You Don’t Get Me: The Truth About (Some) Grouchy (Looking) People

I suppose this started, like so many other posts, with a Facebook trend. There for a little while, all kinds of introvert/extrovert articles were making their way around Facebook. I enjoyed them, and I discovered that I am clearly an introvert, a label I had resisted because I didn’t really understand its meaning until I read more about it. I even blogged about my new understanding and how I felt it fit me (here). I was thrilled to learn that introversion doesn’t mean that I’m shy, rude, unhappy, or hate people. Instead, it’s more about my ideal social setting and what makes me feel energized. So surely if I had this new understanding of the way I am, then other people did too, right? Nope. Apparently not everyone got a hold of the same articles I did.

I am used to the Ice-Queen jokes. I’m admittedly not a really open person when it comes to emotions. People I’m close to have laughed a lot about me having to say “That hurts my feeling” instead of “feelings.” Get it? Because I only have one? Hilarious, right? I laugh at these jokes, too, because I assumed people got me. It turns out maybe they don’t.

eeyoreThis picture was making the rounds on social media recently. And, ironically enough, just as I was making fun of it via text message, someone mentioned that it reminded them of me. “Oh, but in a good way.” Huh? I know I’m pretty over-analytical, but what is good about being compared to a miserable cartoon character whose friends are burdened by his gloominess? There nothing quite like a reality check, and mine came as a realization that there are people out there who mistake my snarky smart-assiness for true unhappiness. And it stinks to think that people don’t get me.

I know there will always be people who don’t understand or enjoy me. I’m confident enough to deal with that. I can’t win them all. But I would still like to clear up any misconceptions that might be out there about me or people like me.

 

  • CBF is real. My loved-ones and I have laughed at this article until we cried because it is so ME. I’m not nearly as grouchy as I look. Promise. All silliness aside though, it is crazy to assume something about a person’s personality just because of the way they look.
  • My moods change with my thoughts. I live absolutely in the moment, and whatever’s going through my head right then is evident in the way I act. I would go as far as to say that 99% of the time, I’m not even a little unhappy; I’m probably hungry, stressed, or distracted. My mind has 15 browsers open 24/7. I’m busy. A cheesy smile isn’t priority #1.
  • Not everyone oozes happiness every second of every day. To be completely honest that’s a huge demand on anyone. I want to feel free to express that I’m mad or disappointed or confused if that’s how I’m feeling. Happiness when it happens? Sure. But all the time? Can’t be done. Life is good, but it’s not quite kittens and rainbows EVERY. STINKING. SECOND.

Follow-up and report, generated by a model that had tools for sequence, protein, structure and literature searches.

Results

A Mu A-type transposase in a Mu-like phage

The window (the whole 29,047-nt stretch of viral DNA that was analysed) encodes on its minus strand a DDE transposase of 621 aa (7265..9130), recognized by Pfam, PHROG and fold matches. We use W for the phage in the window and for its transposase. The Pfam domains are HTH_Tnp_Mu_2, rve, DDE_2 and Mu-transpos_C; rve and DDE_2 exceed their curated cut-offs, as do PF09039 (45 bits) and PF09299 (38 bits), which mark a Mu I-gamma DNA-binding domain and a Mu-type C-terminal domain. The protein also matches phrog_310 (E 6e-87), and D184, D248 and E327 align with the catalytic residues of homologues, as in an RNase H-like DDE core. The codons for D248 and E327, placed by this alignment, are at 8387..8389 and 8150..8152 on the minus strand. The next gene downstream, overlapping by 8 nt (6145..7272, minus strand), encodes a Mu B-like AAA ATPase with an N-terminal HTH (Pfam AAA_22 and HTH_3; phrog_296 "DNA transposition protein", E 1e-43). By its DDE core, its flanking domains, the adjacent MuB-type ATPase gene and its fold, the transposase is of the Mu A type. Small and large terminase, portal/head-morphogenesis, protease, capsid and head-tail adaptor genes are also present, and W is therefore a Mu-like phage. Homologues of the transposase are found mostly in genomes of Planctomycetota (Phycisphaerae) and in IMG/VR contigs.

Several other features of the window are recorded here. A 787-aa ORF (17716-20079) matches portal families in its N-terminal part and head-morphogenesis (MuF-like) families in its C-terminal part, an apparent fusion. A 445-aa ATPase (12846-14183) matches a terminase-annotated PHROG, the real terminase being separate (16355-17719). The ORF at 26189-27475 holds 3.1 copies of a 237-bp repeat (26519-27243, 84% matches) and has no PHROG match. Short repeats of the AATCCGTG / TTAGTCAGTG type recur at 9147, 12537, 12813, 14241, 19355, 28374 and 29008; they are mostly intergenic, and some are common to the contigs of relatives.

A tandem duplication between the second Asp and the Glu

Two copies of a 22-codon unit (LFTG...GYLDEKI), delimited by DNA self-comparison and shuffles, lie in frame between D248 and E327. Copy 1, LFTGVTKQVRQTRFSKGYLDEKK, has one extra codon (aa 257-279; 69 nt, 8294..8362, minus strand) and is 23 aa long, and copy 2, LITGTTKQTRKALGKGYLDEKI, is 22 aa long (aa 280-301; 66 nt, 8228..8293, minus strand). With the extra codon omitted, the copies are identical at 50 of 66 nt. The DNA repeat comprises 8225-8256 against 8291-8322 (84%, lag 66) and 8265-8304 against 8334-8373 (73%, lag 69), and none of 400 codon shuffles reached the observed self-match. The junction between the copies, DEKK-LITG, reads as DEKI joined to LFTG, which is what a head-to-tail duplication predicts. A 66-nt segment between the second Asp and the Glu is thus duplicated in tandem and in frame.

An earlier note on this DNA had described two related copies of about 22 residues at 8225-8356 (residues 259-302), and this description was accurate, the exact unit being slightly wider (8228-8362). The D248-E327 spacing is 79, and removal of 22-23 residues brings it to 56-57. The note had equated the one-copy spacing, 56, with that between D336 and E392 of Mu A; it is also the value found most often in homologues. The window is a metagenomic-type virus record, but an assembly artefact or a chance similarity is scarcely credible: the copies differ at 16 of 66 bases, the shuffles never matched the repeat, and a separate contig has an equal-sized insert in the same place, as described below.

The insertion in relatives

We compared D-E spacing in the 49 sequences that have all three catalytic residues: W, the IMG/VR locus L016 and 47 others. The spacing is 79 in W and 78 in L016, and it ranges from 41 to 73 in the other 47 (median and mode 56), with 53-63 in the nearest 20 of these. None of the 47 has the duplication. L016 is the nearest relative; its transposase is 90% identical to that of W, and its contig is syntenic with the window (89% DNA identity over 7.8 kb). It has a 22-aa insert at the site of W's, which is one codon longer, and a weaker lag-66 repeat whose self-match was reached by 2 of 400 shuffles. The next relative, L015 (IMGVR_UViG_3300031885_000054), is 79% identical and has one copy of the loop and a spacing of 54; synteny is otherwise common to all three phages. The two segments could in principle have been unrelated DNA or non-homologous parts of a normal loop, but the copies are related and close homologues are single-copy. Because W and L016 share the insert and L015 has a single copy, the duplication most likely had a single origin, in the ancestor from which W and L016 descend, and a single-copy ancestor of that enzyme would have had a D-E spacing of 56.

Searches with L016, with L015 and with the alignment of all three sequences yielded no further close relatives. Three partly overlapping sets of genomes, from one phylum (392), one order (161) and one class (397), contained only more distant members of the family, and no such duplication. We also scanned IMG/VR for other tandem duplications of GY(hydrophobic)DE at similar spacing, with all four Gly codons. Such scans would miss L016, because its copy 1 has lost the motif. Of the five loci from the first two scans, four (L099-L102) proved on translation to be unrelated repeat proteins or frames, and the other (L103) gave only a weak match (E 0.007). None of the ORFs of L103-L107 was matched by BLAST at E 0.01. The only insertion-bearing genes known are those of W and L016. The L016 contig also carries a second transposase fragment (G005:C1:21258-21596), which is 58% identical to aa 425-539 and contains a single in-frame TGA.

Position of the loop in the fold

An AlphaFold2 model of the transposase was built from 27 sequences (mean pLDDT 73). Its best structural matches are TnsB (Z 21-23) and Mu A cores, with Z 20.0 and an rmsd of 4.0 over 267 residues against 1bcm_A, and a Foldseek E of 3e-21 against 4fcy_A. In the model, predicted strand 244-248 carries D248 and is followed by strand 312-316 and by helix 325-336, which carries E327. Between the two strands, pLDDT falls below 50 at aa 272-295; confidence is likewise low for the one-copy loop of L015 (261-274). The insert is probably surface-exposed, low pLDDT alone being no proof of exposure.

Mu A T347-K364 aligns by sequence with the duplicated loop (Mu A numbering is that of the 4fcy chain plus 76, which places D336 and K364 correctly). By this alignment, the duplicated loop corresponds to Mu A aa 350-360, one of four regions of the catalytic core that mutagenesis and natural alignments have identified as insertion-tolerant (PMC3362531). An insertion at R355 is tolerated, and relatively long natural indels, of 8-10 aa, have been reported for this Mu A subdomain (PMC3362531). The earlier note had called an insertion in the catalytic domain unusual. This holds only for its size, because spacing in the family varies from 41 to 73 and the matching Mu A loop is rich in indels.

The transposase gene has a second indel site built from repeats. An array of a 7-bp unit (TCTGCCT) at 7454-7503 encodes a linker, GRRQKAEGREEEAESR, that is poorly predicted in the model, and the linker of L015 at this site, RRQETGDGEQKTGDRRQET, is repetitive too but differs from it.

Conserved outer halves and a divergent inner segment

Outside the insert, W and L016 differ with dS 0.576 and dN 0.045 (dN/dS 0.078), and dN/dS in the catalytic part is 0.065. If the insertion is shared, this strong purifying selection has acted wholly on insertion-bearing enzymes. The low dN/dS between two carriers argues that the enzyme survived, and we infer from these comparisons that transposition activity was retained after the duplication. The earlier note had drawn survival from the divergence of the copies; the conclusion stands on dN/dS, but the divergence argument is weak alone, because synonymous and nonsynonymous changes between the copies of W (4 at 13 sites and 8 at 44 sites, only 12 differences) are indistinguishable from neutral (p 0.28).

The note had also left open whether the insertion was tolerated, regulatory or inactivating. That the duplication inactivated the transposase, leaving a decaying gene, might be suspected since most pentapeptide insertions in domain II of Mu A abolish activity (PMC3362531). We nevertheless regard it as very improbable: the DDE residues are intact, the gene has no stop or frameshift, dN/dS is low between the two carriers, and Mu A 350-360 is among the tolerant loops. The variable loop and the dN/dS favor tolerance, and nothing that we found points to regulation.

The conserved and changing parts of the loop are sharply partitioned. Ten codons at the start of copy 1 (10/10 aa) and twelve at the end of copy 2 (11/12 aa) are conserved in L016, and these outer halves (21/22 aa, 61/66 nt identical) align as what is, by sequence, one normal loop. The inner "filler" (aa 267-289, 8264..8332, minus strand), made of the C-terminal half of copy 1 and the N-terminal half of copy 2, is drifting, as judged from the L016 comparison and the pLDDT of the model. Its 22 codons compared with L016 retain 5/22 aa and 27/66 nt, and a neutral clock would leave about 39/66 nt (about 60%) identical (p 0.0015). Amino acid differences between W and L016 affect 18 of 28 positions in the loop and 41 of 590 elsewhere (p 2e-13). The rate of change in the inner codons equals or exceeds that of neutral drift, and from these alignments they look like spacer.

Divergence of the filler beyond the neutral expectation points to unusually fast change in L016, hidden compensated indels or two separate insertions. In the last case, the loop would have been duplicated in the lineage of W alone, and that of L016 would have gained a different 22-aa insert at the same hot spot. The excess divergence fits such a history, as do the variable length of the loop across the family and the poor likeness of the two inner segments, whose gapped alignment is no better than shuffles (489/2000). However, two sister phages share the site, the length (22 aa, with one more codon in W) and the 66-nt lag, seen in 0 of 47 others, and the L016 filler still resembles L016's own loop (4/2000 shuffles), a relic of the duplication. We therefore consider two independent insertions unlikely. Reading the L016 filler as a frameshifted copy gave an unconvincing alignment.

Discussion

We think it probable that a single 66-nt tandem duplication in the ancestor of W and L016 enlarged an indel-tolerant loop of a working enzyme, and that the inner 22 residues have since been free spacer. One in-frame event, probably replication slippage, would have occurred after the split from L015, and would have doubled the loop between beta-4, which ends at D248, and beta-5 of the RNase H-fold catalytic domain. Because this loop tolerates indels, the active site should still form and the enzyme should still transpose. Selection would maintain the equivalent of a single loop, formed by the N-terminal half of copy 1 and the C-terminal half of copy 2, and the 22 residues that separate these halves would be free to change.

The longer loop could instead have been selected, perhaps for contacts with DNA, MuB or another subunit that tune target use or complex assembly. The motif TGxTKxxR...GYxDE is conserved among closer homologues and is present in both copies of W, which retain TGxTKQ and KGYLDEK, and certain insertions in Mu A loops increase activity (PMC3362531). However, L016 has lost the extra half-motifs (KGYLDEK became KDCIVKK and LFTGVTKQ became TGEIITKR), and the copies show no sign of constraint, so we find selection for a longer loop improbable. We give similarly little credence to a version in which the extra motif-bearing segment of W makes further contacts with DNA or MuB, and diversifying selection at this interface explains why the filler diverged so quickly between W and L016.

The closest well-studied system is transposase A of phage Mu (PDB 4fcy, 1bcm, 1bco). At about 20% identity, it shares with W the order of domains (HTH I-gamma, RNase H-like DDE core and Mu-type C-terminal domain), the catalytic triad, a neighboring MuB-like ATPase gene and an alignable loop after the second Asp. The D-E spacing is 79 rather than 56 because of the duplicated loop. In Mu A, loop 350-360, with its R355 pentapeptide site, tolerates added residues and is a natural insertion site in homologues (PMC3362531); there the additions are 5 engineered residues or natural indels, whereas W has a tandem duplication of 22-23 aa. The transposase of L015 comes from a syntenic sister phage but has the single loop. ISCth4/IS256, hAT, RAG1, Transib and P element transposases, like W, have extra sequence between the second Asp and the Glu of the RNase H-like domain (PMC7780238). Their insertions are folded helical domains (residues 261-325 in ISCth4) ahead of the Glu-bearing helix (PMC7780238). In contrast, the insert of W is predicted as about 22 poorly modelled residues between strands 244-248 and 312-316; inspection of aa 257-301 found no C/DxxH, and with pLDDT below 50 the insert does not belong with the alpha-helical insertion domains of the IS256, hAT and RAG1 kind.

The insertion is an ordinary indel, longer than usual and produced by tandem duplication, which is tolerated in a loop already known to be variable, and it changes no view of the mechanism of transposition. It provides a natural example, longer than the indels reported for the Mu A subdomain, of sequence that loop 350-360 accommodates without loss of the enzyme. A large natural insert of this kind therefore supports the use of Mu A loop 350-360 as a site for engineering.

• I feel an overwhelming inclination (obligation?) to be honest and real at all times. I actually consider this to be one of the very best things about me. I’m a terrible liar, and whether you get me to TELL you what I think, or you guess from my face which has a way of betraying my true thoughts, you always know where you stand with me.  I will tell you the truth, even if it isn’t popular.  And I won’t sugar coat a thing.  Gritty? Maybe.  Evidence of unhappiness?  Hardly.  
  • If you wonder what I’m thinking or how I’m feeling, ASK ME….or don’t. Part of the reason I don’t radiate happiness is that I don’t radiate anything much of the time. Instead of dismissing me as Eeyore, because I’m not joyfully riding a unicorn from task to task, give me an opportunity to explain myself.   Or at the very least, admit to yourself that you probably don’t know me well enough to know what I’m feeling or thinking about right at that moment.
  • I feel a ton of pressure: pressure to be social, to be positive, to converse, to go out, to do any number of things because extroverts or overly judgmental people expect me to act a certain way. Do you really want to be the reason I’m scrutinizing myself?  “Normal” is relative.

I had a conversation recently with a good friend over what words describe us best.  I’ve always liked “aloof,” for myself.  He chose “snarky.” For him?  I chose “smug,” while he proclaimed himself “douchey.” We laughed about the negative connotations of the words we’d chosen because we know each other well enough to hurl such words around. That’s the comfort in true friendship:  people understand enough about what’s really there that it doesn’t matter what you call it.  No matter the word, I think it’s unfair to expect a person with my unique set of attributes to bubble cheerfulness.    I think most people who know me well will agree that I’m honest, open-minded, witty, loyal, and authentic.  Know what makes me truly happy?  Being with people who get me.  People who know that I show my happiness differently than most, but that doesn’t mean it’s not there.

The bottom line is that I’m really a very content person the majority of the time. I love my life, even if I spend too much of it over thinking things….like whether or not people know I’m happy. On the occasion that I feel something other than the pure bliss in which some people claim to perpetually exist, I am just not inclined to hide it. It’s not my nature. I’m an open book, and you’re judging the cover or only reading certain parts.

If I’ve said this in one blog post, I’ve said it in twenty: This world needs all kinds of people. Let’s make an effort to accept each other because of who we are rather than in spite of it…as the tiny jewel of Eeyore wisdom up there indicates.

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